A survey of roughly 1,600 U.S. employees conducted by Future Workplace, a human resources advisory firm, ranked natural light and views of the outdoors as the most soughtafter workplace perk, notes Lougee. While difficult to determine the return on investment (ROI) or “breakeven point” on capital spent on renovations, Witthoefft says the investments “correlate to higher renewal ratios of existing tenants, as well as quicker lease-up of vacant space and shorter downtime of non-income-producing space,” all of which leads to less leasing-related costs and more net operating income (NOI).

“At the end of the day, the increase in NOI drives the valuation of the real estate and, based on how NOI is valued from a cap rate perspective from market to market, this typically results in a significant ROI on the initial investment in the property.”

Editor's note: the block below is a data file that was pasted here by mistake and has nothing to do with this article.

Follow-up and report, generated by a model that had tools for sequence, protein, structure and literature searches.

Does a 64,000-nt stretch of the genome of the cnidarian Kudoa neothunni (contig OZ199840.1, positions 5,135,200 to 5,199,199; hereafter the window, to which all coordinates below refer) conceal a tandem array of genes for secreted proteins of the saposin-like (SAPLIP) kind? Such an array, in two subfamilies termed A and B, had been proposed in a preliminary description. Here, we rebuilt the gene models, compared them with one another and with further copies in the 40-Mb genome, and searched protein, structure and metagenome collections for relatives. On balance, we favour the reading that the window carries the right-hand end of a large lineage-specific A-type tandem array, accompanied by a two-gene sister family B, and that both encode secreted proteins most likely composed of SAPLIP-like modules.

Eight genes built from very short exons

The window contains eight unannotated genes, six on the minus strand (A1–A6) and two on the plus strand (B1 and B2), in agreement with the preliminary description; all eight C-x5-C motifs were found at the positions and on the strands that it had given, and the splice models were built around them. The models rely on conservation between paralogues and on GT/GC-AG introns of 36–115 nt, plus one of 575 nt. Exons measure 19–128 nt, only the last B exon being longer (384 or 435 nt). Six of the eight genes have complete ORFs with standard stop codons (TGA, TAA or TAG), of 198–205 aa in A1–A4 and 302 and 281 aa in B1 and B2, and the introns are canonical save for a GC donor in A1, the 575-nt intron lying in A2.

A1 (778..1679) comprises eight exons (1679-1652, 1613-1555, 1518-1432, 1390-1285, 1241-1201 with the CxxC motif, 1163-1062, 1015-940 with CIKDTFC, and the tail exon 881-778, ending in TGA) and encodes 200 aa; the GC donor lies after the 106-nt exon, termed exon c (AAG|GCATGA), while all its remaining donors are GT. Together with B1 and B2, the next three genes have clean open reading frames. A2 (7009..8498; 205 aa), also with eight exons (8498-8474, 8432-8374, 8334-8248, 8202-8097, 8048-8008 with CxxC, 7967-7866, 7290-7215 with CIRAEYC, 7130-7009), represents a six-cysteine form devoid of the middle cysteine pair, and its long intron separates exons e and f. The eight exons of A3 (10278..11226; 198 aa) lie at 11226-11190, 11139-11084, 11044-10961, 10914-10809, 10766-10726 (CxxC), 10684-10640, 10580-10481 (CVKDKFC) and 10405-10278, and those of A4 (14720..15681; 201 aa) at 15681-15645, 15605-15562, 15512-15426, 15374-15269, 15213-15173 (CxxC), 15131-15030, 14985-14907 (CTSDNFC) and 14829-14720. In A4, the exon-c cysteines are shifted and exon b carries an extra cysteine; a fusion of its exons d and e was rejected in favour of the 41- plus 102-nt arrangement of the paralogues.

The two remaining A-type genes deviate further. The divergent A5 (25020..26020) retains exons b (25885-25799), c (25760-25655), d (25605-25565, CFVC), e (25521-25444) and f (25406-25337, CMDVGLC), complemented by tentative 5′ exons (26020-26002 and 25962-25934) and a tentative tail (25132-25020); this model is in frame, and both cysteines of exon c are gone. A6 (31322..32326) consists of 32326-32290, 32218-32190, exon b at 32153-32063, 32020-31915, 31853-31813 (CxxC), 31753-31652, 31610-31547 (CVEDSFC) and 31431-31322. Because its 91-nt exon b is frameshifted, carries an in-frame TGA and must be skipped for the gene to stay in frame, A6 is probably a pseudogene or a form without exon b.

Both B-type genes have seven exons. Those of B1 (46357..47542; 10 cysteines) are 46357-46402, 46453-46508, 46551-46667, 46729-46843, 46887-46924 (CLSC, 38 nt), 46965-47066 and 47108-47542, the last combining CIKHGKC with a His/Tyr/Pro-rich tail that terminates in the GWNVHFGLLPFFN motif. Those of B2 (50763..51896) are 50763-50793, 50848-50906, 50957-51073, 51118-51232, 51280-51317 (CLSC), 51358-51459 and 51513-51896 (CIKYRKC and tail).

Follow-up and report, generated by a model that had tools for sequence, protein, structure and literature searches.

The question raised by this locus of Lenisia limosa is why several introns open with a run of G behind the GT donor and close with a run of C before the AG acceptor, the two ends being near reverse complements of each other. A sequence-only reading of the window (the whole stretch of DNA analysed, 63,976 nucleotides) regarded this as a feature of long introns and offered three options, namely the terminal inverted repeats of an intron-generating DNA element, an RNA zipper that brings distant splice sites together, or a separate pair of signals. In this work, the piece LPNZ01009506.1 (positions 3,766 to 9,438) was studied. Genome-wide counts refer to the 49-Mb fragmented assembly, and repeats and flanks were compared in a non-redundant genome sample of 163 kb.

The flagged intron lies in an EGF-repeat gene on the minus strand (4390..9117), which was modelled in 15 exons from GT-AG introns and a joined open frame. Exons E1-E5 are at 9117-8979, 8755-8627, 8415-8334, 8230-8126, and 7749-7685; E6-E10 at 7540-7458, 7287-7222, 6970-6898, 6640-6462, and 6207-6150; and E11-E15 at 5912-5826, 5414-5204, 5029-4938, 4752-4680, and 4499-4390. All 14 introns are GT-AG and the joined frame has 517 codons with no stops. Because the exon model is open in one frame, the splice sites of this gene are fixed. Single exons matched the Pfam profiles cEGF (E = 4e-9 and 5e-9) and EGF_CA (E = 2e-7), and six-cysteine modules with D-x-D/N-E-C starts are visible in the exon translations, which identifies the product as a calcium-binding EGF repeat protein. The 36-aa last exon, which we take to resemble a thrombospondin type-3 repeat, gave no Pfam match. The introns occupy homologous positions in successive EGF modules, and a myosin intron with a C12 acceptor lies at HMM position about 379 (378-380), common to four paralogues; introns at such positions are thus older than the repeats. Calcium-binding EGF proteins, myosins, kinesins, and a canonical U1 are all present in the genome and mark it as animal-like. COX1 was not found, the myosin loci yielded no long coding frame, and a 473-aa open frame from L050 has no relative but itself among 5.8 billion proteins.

Know who you are

Beyond establishing what tenants want, it’s important to know and understand the market. For example, Witthoefft says there’s a strong amenity competition going on in Minneapolis, but in smaller markets such as St. Louis or Columbus, renovated properties are rarer.

Office brokers such as Adam Johnson of NAI Hiffman recommend knowing “who you are as a building and who’s your competition.” He says office owners need to be cautious about “overimproving” or spending too much on renovations and pricing themselves out of the competitive subset.